A hidden Clovis success

John Taylor: May 14, 20120 Comments

Praise in public, criticize in private. I totally believe in that philosophy (though it was rarely evidenced in my 30 years in the newspaper business). So I'm a tad puzzled that a wonderful atta-boy delivered to Clovis government leadership by a prominent author and health care futurist was so way "between the lines" as to make Clovis invisible.

"A community in the Central Valley of California," was how Ian Morrison chose to not mention Clovis when he wrote about innovative ways to right-size the delivery of health care in a Hospitals & Health Networks Magazine article.
Morrison is a witty speaker whose Scottish burr adds to the delight of his insights. He's also chairman of the board of the California HealthCare Foundation. 

“Big data and new thinking can transform the care of heavy users,” was a headline on his May 1 article. Morrison and other foundation board members quietly visited the Central Valley in March, stopping briefly at Community Regional Medical Center and also touring Clovis.

He mentioned several groups by name that impressed him with their innovations. But then came – shhh! Clovis.  He wrote: “Our valiant assistant city manager has begun to identify how simple, nonmedical, non-health-care interventions – like seniors’ transportation services, cooperation with and support of landlords on mold remediation, help with job counseling and social service support programs – could save millions of firefighting resources.”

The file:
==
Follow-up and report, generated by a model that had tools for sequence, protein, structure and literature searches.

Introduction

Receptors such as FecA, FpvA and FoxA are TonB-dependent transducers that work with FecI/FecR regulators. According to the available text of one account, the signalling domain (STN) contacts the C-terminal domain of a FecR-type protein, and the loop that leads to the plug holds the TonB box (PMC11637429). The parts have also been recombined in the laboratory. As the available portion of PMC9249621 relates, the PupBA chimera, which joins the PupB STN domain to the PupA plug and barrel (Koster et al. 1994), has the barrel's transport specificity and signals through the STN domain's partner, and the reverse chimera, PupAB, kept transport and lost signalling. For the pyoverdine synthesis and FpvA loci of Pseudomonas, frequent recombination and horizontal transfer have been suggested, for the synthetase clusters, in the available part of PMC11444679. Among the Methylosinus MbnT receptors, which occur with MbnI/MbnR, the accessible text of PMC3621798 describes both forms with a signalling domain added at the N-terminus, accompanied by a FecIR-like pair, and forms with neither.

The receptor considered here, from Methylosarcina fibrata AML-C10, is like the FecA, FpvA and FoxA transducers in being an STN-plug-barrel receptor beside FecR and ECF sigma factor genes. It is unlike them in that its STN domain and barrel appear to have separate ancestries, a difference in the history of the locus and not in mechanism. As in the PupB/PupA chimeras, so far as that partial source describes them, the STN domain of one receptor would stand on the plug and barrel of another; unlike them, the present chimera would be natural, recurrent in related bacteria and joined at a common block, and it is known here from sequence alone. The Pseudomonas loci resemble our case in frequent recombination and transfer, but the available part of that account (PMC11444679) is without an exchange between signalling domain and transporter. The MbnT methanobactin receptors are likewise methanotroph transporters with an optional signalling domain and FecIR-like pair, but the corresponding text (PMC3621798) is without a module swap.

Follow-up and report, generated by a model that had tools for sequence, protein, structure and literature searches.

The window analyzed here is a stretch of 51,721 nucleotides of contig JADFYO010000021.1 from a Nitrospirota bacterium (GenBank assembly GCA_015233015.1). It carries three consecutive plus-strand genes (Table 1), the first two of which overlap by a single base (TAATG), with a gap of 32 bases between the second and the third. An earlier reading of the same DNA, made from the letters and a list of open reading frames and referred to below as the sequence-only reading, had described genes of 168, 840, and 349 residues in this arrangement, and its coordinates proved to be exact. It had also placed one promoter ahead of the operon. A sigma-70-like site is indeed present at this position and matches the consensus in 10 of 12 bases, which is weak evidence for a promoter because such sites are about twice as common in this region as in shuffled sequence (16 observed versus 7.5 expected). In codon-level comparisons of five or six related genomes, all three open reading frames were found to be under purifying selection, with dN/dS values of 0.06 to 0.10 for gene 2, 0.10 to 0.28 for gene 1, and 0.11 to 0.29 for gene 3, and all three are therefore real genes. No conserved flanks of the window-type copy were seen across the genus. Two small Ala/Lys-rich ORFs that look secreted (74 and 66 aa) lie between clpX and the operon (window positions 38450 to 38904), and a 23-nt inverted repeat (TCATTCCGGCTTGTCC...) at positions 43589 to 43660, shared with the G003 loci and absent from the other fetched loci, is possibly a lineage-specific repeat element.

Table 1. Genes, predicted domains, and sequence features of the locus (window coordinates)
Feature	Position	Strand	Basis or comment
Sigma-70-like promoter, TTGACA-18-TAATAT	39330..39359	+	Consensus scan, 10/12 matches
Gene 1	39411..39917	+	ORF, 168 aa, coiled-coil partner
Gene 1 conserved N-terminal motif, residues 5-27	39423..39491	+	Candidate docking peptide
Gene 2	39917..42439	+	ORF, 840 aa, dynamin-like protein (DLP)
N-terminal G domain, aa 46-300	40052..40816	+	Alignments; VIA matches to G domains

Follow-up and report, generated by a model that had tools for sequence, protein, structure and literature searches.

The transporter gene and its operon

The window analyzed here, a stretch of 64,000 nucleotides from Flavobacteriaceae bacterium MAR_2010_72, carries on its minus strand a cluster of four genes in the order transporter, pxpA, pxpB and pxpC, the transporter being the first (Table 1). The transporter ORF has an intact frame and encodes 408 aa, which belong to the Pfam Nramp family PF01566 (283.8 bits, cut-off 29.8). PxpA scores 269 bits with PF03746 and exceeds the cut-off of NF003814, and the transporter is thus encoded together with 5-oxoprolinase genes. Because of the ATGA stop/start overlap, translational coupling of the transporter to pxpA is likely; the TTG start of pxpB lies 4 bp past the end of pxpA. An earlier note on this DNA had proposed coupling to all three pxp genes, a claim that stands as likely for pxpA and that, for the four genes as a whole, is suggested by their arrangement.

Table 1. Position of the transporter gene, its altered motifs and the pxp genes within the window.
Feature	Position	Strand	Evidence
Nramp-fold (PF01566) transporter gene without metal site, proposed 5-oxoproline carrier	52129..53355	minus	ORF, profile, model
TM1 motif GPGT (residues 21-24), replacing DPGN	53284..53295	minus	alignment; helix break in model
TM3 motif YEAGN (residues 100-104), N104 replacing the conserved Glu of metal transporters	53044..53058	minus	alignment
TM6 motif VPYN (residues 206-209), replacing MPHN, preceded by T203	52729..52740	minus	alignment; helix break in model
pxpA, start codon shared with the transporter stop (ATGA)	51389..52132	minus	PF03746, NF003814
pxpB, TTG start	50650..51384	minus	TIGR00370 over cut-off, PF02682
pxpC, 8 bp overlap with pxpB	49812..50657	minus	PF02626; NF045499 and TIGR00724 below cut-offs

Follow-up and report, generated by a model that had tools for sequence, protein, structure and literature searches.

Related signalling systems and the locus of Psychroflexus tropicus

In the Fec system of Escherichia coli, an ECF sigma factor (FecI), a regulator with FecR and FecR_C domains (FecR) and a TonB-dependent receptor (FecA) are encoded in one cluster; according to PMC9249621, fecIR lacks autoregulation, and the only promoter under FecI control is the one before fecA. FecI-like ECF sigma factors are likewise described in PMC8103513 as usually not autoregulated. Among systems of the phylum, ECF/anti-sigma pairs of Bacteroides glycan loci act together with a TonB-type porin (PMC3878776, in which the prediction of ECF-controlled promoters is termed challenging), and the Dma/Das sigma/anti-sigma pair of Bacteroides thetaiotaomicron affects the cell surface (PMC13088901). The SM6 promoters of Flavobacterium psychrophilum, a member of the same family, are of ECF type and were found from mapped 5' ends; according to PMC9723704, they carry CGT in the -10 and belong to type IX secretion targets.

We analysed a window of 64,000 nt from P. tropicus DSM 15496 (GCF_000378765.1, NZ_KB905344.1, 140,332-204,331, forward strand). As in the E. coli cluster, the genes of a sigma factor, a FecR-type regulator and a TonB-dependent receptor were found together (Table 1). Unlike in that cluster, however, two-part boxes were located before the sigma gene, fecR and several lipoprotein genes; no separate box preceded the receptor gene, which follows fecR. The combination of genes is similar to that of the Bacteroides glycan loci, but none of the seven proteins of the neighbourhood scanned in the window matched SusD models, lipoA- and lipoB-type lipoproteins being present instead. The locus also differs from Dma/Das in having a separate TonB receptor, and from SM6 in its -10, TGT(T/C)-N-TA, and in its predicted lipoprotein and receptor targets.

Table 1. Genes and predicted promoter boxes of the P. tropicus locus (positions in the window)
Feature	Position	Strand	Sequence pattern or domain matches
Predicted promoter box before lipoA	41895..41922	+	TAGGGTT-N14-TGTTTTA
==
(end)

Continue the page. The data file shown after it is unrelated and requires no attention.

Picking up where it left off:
Essentially, don’t repeatedly send a fire truck or an ambulance when building a core of care could better and more economically address what someone views as a dire need.

The unnamed Clovis official had done some serious data mining and area outreach, and he made a difference. Similarly, case workers and others involved with Community Regional’s Community Connections program are trying to assist chronically ill patients who repeatedly are ambulanced to our ED when what they often need is appropriate, accessible care elsewhere to stabilize their conditions and improve their lives.

Morrison concluded that “if we meet people in their lives, not just in our facilities” and apply our growing stockpile of sophisticated data, we can transform for the better the quality of life for the seriously ill.

Kudos to Morrison for taking note, however understated, of good work in the Valley. And a big well done to Clovis!

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